Photo Essay

This is a step-by-step process of a darkroom photographic and printed technique of serigraphy, or silk-screen printing. This segment is taught by Julio Alvarez.

First we select a desired printed graphic or text of which we want to make a silkscreen original. The image is already on an acetate transparency or vellum paper, which allows light whenever there is no ink. The silk screen mesh is still fresh, like polyester canvas stretched across a wooden frame. Keep in mind that an original must be made for every color that appears in the final result. Posters of thirteen colors required thirteen silkscreen originals, one for every run.

Next we prepare a photosensitive solution of five parts emulsion, one part gum bichromate. The solution, simply called the emulsion, is turquoise blue and is coated evenly and thinly across the entire mesh. Once this is complete, the emulsion needs to dry in the darkroom because it is light-sensitive. We use a hair blowdryer.

Third we align the transparency image onto the prepared silkscreen, and sandwich this onto the lightbox with a heavy sponge, a wood plank and 20 kilos of brick weight. With all the lights off in the darkroom, the lightbox is turned on for several minutes, to sear the image onto the emulsion surface.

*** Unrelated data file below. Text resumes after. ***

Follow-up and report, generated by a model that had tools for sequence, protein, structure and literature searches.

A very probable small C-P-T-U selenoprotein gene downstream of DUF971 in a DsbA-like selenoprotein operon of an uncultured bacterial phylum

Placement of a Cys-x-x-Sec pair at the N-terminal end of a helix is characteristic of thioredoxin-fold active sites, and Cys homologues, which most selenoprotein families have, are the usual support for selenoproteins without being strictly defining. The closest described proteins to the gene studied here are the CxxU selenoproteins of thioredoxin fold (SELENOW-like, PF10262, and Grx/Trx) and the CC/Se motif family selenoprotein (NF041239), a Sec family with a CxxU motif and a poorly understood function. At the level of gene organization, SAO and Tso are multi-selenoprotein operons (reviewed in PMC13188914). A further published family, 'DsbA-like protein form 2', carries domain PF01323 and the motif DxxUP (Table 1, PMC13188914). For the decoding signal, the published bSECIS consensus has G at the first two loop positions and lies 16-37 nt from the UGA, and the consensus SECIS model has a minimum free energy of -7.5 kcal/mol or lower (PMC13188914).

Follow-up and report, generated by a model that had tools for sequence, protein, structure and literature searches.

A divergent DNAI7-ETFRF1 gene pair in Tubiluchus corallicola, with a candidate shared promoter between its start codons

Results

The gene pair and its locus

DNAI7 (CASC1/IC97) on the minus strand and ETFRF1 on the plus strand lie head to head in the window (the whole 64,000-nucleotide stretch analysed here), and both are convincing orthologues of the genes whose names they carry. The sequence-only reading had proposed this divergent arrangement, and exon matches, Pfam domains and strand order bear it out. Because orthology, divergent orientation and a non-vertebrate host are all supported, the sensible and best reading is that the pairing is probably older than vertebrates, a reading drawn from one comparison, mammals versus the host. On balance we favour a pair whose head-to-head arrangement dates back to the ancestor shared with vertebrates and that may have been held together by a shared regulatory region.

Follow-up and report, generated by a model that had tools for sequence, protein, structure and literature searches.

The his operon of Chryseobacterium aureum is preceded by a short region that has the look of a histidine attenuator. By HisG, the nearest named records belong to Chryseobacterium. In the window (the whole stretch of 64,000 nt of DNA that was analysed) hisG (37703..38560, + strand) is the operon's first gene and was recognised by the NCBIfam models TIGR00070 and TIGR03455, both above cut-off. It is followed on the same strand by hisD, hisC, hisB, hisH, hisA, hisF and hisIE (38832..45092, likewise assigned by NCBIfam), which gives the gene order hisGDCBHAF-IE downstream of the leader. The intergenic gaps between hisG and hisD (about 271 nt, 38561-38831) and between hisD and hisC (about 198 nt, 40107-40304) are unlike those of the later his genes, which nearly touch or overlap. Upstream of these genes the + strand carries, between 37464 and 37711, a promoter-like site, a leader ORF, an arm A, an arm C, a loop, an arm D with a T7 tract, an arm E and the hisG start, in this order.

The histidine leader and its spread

Lastly, the part of the emulsion that was not exposed to light and was not developed, will crumble and wash off with a pressured spray of water, leaving permeable and porous silk fabric. This roughly creates a negative of our image. To ensure that the image will be crisp, we must then use an atomizer spray and cotton swabs to remove excess dried emulsion.

In How To Silkscreen Part II, artisans use “Sericlin” to remove smudges, and a “Blocker” to add on a quick-dry solution to retouch spots that have been missed.

Flickr Summary

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Spanish Words of the Day, chemicals: “deluir” to dilute | “azufre” sulfur | “bloqueador” | “atomizador” spray | “hisopo, cotonete” a cotton swab | “sericlin” | “revelar las mallas” develop the mesh silk | “barniz transparente” clear varnish

“Look at the world through the eyes of a child.”

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